We begin by lying to ourselves. We then become a nation of cheats and looters. We don’t want socialized medicine because we give a shit about children. Deep down inside we want socialized medicine because we want something for nothing. We don’t want more federal funding to go to schools because we really care about our neighbors obnoxious kids graduating, we want more federal funding to go to schools because deep down inside we think the more money our school gets the better our kids will be, and why should we have to pay for our own kids way when we can bleed the rich people for it? We don’t want the Feds to bug our phone (Patriot Act), but deep down inside we would rather have the Feds listening to all our conversations than ever have to defend ourselves. Its so much easier to trust someone else to protect us than be responsible for it ourselves. We don’t support Social Security because we want to protect the investment of our senior citizens. Deep down we want social security because as much as it hurts to pay in, we know that others out there pay more than we do and we look forward to living off of their hard work.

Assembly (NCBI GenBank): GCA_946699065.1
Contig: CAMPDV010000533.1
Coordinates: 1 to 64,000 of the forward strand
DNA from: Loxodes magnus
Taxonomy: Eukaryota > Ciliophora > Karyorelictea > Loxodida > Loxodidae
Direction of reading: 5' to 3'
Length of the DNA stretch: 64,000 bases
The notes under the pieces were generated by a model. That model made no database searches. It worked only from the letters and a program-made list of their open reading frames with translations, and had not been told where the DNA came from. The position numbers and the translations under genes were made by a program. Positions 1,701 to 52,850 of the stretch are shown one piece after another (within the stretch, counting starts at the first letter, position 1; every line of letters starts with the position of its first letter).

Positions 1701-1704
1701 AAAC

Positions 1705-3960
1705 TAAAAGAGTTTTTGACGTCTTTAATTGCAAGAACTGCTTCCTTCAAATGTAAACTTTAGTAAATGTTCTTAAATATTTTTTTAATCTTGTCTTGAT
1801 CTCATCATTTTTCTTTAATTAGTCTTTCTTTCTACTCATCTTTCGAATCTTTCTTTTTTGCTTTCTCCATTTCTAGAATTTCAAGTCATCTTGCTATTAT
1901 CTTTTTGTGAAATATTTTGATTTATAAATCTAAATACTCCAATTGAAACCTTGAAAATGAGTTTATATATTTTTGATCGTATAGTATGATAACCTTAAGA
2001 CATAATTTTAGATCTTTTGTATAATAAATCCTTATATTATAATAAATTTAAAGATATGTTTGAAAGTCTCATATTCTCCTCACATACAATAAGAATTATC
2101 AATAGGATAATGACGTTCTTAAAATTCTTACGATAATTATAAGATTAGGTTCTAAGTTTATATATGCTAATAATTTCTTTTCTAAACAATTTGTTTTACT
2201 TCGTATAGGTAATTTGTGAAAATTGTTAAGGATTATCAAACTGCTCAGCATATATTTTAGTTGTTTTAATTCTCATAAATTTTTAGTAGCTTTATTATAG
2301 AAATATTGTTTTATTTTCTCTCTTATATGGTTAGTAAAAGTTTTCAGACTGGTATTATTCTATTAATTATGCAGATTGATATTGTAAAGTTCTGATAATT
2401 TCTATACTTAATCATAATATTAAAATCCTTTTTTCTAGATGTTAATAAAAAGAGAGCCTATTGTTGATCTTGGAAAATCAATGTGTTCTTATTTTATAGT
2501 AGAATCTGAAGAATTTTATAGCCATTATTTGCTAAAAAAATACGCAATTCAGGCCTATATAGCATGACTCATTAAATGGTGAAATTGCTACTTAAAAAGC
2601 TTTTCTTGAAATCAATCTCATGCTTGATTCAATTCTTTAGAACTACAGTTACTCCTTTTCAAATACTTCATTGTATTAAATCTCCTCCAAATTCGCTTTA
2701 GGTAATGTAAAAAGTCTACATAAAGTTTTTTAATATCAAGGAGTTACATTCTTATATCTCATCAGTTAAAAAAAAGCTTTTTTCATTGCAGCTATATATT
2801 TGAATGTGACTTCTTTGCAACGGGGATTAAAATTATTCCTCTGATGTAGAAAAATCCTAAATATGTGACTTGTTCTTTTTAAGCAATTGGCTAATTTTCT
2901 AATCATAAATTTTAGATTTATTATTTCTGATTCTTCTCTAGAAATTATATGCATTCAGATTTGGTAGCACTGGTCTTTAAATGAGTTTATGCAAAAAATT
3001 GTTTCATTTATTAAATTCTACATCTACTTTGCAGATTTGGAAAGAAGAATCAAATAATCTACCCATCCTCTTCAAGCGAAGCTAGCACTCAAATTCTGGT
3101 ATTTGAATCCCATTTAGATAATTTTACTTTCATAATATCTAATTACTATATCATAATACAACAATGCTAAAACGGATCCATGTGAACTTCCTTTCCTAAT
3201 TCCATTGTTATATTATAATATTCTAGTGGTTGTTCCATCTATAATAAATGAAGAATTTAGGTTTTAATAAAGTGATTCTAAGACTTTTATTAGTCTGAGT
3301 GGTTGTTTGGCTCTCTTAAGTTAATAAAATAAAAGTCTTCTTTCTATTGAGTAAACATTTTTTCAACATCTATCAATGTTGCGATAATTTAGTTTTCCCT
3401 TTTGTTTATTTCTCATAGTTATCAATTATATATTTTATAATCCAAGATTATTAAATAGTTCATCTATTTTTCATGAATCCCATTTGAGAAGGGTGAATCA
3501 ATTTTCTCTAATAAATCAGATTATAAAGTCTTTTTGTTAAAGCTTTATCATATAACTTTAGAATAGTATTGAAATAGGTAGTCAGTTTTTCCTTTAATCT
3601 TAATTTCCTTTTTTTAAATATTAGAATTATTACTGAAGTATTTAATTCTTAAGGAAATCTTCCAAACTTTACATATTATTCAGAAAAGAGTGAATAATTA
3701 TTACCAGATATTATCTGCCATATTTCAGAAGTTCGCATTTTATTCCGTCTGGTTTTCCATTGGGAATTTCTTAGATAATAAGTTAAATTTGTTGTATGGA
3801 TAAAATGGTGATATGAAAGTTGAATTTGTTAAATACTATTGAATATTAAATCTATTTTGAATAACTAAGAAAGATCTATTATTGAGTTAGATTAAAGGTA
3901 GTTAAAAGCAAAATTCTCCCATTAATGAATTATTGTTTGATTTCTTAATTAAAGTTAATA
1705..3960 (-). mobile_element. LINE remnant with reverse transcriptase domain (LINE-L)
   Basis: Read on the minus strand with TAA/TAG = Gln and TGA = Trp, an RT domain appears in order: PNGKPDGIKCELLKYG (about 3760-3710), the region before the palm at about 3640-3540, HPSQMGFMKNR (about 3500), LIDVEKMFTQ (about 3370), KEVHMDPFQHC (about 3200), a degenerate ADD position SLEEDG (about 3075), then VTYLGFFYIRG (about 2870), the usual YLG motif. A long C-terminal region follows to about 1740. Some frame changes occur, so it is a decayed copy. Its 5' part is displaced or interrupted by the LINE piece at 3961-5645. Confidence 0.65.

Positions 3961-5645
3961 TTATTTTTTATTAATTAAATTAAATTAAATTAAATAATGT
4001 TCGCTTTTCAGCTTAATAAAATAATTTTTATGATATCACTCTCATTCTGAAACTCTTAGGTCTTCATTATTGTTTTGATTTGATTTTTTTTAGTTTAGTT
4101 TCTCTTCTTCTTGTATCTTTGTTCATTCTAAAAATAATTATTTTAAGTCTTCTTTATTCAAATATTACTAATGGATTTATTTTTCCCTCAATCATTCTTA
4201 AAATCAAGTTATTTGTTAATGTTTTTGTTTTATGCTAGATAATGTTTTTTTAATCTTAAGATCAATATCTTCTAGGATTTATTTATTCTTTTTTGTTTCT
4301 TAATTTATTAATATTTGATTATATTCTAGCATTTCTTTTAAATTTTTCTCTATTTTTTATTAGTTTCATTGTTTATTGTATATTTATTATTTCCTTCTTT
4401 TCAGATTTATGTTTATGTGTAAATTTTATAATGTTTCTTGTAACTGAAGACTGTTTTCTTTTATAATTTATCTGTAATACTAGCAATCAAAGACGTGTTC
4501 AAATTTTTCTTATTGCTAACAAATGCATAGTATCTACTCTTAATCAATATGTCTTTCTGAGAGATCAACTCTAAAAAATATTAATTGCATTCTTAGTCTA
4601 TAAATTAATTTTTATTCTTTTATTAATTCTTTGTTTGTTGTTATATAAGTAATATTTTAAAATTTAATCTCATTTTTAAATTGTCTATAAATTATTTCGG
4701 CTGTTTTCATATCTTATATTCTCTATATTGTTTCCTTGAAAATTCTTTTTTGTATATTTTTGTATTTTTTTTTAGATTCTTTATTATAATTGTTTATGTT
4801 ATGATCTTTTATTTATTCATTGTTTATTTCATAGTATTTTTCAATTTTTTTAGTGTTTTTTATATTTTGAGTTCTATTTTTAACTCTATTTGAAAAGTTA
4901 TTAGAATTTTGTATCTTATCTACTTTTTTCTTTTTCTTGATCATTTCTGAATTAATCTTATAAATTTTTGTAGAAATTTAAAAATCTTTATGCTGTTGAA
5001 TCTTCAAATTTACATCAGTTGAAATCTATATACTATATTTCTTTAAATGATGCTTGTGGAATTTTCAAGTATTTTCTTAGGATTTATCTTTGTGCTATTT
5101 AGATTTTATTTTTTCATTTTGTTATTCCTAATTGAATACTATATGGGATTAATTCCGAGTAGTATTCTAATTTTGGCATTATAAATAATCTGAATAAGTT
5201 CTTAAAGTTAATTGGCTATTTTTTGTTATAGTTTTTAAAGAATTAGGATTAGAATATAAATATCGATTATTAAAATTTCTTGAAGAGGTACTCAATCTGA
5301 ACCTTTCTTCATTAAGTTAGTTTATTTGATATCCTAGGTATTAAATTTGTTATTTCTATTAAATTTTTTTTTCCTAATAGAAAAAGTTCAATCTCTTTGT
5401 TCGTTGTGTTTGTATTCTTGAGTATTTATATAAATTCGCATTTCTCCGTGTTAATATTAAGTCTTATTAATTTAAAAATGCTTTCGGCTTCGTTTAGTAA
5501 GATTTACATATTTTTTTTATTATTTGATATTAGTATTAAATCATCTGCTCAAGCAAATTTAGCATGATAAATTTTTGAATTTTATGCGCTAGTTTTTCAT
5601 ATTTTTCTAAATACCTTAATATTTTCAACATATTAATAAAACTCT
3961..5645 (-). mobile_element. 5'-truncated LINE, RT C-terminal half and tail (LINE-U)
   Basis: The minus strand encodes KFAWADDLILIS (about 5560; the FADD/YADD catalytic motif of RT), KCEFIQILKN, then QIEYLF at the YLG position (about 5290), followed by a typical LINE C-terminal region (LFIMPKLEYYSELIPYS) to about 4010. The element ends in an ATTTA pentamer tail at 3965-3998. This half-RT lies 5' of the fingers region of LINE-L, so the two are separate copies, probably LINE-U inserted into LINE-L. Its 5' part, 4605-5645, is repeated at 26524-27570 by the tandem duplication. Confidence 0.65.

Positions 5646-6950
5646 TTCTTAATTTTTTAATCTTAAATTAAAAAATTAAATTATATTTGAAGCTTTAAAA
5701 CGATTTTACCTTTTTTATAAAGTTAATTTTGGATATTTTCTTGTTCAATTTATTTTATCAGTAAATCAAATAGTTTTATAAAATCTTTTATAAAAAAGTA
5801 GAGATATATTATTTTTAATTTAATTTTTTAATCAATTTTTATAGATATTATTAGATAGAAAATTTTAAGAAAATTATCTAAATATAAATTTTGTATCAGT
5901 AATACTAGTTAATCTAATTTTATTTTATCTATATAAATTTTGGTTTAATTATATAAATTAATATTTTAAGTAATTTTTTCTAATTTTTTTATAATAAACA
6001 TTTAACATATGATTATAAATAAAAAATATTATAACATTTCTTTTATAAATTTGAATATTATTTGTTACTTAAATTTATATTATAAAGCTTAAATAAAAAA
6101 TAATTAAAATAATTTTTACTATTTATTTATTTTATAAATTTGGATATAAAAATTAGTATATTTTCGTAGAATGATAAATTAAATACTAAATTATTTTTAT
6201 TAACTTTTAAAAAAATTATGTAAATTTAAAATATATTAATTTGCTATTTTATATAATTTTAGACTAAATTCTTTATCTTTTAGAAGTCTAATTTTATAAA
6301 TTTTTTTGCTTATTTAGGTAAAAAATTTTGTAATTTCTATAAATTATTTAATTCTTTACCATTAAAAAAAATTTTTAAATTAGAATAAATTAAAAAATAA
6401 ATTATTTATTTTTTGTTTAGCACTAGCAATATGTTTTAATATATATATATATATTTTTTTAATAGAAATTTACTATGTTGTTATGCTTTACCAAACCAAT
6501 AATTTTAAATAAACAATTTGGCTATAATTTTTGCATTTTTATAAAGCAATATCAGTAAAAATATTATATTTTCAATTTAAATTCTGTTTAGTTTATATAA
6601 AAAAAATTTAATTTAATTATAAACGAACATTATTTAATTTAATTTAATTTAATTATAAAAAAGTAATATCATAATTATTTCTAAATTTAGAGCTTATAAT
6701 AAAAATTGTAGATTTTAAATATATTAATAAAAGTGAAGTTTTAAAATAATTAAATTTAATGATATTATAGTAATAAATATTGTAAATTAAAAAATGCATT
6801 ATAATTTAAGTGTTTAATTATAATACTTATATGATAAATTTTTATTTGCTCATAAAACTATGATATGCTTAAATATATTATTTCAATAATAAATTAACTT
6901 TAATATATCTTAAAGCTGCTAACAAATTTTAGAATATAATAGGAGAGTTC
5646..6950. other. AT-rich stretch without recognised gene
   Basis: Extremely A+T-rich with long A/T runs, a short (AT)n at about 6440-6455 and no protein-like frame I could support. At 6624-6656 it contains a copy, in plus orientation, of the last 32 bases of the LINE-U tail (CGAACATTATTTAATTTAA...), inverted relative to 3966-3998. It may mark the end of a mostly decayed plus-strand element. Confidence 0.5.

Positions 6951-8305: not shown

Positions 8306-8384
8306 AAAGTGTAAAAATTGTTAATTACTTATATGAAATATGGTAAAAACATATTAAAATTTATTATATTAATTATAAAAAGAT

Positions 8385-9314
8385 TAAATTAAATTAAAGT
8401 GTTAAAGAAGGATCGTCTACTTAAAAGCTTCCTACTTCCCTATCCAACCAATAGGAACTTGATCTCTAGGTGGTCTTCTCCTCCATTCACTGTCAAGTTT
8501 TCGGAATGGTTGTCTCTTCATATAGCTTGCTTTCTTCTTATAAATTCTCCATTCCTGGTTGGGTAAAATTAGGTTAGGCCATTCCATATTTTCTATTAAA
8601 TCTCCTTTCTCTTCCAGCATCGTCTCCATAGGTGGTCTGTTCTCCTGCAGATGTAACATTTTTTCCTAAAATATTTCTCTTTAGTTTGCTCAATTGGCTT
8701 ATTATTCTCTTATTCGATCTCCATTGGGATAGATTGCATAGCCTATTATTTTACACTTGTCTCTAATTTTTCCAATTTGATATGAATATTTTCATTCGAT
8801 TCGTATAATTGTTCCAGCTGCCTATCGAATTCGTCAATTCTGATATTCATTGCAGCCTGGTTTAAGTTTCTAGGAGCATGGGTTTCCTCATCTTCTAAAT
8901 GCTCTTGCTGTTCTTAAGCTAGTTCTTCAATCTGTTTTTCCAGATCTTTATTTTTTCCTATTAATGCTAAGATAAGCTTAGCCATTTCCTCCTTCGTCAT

This is the sickness the pervades our society. We lie to ourselves, but deep down we know whats right and wrong, and we know that what we are doing is wrong. We know we have no right to the hand outs we are taking, but we take them anyway. We make sure the people we vote for keep them coming. We say its moral to steal from the rich and give to the poor, but not respecting the poor’s dignity to insist that they work for their bread. We reversed our moral code. We steal from the able to give to the incompetent. We will all spend the “economic incentive” if we get it. We will be happy for the cash, but inside, deep inside, we will be sick. Disgusted that we are taking that which we didn’t work for from men and women who did.

March 8, 2008 Posted by | Government, Politics, Uncategorized | , , , , , , , | Leave a comment